Reference books on the disease of cancer, its diagnosis and treatments
- Early Detection And Diagnosis Of Cancer | by Walter E. O'Donnell
- This book is a comprehensive practical guide to the essential facts about most types of cancer-how to look for and diagnose cancer in the physician's office and what to do about it initially. It is not a definitive treatise or reference work on the subject of cancer and all its ramifications. A number of excellent volumes of this scope are available to those who wish to pursue the subject in depth.
- The Handbook For Cancer Patients
- >Most Medical Doctors are good people who have no idea that the financial agenda of the foundations that fund and set policy for the medical schools and the hospitals has led to medical training that does not teach Medical Doctors how to cure cancer, despite the fact that cures exist. This book isn't anti-Medical Doctor. Medical Doctors are heroes every time they diagnose a patient with anything, and they are heroes whenever anyone needs emergency surgery. But regarding diseases, such as cancer, where big-money industries hold the reins of Medical policymaking, the "alternatives" yield better results than Medical treatments...
- Symposium Phenomena Of The Tumor Viruses | by The U.S. Dept. of Health
- This is a collection of publications that analyze virus induced tumors.
- Research In Physiopathology As Basis Of Guided Chemotherapy With Special Application To Cancer | by Emanuel Revici
- This book presents a framework for analysing cancer and other concerns, also a methodology for biologically guided therapy that can be employed for such concerns based under various new concepts is introduced.
- Progress Against Cancer | by The National Advisory Cancer Council
- Progress Against Cancer 1969 is the third public report issued by the National Advisory Cancer Council under authority of the legislation by which it was established, the National Cancer Institute Act of 1937. In accordance with its policy, the Council presents the report in two parts. Part I discusses progress against cancer in general, with emphasis on noteworthy developments of the year. Part II is devoted to a review in depth of progress in chemotherapy research—the search for new and more effective drugs and techniques for the medical management of cancer in man. A summary of Part II is provided for the general reader who is not immediately in need of the more technically detailed information. A selected reading list is also provided at the end of Part II.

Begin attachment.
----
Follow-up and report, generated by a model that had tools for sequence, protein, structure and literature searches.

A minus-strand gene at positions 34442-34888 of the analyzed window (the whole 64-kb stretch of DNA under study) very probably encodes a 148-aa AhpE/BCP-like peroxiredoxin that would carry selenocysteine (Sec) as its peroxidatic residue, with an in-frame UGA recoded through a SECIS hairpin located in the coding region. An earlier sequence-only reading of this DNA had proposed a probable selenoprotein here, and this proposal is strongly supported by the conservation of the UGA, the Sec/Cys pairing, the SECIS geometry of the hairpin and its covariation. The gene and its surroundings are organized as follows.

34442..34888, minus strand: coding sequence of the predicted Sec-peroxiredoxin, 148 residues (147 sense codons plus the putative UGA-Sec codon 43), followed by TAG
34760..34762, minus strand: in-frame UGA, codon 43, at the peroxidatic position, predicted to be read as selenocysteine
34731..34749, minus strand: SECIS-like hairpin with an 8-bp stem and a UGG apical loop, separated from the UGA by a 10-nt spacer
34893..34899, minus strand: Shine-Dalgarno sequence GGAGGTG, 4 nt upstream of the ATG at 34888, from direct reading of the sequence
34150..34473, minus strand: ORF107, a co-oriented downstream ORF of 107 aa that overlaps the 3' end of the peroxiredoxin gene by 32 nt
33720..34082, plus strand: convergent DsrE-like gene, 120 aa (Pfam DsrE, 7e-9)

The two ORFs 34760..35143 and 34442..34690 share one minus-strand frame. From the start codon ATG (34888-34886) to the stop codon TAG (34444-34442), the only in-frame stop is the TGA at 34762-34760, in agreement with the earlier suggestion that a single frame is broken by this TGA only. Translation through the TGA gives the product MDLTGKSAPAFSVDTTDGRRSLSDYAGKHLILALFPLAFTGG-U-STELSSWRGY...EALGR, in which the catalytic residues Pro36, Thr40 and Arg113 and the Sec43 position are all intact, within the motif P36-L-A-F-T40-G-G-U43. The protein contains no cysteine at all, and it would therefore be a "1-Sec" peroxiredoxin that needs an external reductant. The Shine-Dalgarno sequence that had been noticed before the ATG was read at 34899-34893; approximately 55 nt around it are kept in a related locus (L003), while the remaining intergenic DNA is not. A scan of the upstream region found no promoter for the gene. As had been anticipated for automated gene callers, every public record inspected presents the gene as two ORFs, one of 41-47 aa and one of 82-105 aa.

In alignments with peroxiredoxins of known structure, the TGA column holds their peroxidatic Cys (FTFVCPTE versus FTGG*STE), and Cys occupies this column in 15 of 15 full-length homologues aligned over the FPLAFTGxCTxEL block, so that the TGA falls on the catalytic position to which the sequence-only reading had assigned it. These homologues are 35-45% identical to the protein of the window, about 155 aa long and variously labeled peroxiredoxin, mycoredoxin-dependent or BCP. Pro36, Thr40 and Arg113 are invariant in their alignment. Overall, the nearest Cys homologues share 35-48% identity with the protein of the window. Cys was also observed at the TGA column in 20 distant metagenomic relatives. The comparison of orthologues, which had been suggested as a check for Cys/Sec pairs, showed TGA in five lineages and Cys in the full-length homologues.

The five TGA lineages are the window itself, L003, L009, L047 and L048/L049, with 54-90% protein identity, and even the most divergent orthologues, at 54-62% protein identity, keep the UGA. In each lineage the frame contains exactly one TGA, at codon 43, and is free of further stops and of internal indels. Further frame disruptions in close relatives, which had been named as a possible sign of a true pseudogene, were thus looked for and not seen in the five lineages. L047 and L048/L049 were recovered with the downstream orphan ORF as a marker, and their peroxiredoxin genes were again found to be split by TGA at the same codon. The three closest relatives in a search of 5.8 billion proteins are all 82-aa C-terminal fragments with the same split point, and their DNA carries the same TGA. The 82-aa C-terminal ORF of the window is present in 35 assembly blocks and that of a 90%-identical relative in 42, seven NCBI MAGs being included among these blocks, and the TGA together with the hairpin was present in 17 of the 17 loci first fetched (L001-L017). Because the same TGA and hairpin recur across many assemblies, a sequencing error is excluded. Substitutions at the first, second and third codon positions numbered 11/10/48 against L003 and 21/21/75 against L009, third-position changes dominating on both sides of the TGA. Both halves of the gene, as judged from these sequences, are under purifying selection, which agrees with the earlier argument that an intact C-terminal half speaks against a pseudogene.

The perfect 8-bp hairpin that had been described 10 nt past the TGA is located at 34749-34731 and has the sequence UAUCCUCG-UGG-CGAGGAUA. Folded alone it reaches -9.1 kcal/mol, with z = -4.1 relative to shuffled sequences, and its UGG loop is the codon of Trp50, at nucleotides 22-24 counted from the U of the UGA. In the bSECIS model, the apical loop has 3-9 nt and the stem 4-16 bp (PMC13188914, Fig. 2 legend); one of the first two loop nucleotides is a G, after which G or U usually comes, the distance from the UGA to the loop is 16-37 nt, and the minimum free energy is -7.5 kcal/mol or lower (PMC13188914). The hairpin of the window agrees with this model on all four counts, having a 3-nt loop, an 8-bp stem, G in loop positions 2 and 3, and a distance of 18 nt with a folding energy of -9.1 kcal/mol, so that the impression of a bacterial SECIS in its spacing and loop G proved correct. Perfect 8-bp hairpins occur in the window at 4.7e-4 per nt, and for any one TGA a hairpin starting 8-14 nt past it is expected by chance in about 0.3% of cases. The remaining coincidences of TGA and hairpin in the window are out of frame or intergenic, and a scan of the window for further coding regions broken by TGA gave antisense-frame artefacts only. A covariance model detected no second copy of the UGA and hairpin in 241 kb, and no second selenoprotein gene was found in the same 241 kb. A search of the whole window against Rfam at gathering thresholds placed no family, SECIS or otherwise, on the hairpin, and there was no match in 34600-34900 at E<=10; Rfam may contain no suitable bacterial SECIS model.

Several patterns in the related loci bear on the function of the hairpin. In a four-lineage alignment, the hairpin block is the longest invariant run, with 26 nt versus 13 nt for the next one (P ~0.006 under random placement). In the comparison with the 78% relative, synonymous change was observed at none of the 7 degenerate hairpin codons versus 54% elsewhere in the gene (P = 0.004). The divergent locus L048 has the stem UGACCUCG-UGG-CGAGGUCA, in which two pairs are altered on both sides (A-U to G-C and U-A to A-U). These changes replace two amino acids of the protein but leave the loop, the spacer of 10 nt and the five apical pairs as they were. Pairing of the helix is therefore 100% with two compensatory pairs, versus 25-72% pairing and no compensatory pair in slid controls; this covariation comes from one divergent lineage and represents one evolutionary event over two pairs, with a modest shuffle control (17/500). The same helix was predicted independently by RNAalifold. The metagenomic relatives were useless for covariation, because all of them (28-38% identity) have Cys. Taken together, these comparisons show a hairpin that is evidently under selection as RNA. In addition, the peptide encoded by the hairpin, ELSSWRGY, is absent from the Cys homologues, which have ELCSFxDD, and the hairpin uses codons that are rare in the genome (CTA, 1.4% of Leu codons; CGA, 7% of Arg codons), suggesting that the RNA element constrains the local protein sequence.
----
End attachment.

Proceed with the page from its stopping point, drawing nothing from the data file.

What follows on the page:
- Chemistry Of Chelation In Cancer | by Arthur Furst
- This Living Chemistry Series was conceived by Editor and Publisher to advance the newer knowledge of medicine in the cause of clinical practice. In this book Dr. Furst presents the chelation basis of cancer. It is a clinical inference deduced from chemical knowledge with high probability in view of the fact that some metals cause cancer by altering enzymic activity, that many carcinogens metabolize to metal binding agents which penetrate the cell, and that most chemotherapeutic compounds inactivate by metal binding the enzymes essential for tumor growth.
- Cancer Manual For Public Health Nurses | by The National Cancer Institute
- This manual includes current information about cancer of selected sites, including treatment and nursing care. Emphasis is placed on the function of the public health nurse in a cancer control program and care of the whole patient-psychological as well as physical.
- Chemistry Of Enzymes In Cancer | by Franz Bergel
- The perpose of this book is to advance our newer knowledge of chemical medicine in the cause of clinical practice. The interdependence of chemistry and medicine is so great that physicians are turning to chemistry, and chemists to medicine in order to understand the underlying basis of life processes in health and disease.
- Scientific Contributions Of The Ben May Laboratory For Cancer Research | by The University of Chicago
- Contains a collection of articles on Cancer research of the Ben May Laboratory at The University of Chicago. The principal aim of the Laboratory in its first decade has been to provide opportunity for young scientists to unfold in a climate where they might enjoy maximal encouragement-privileges without responsibility.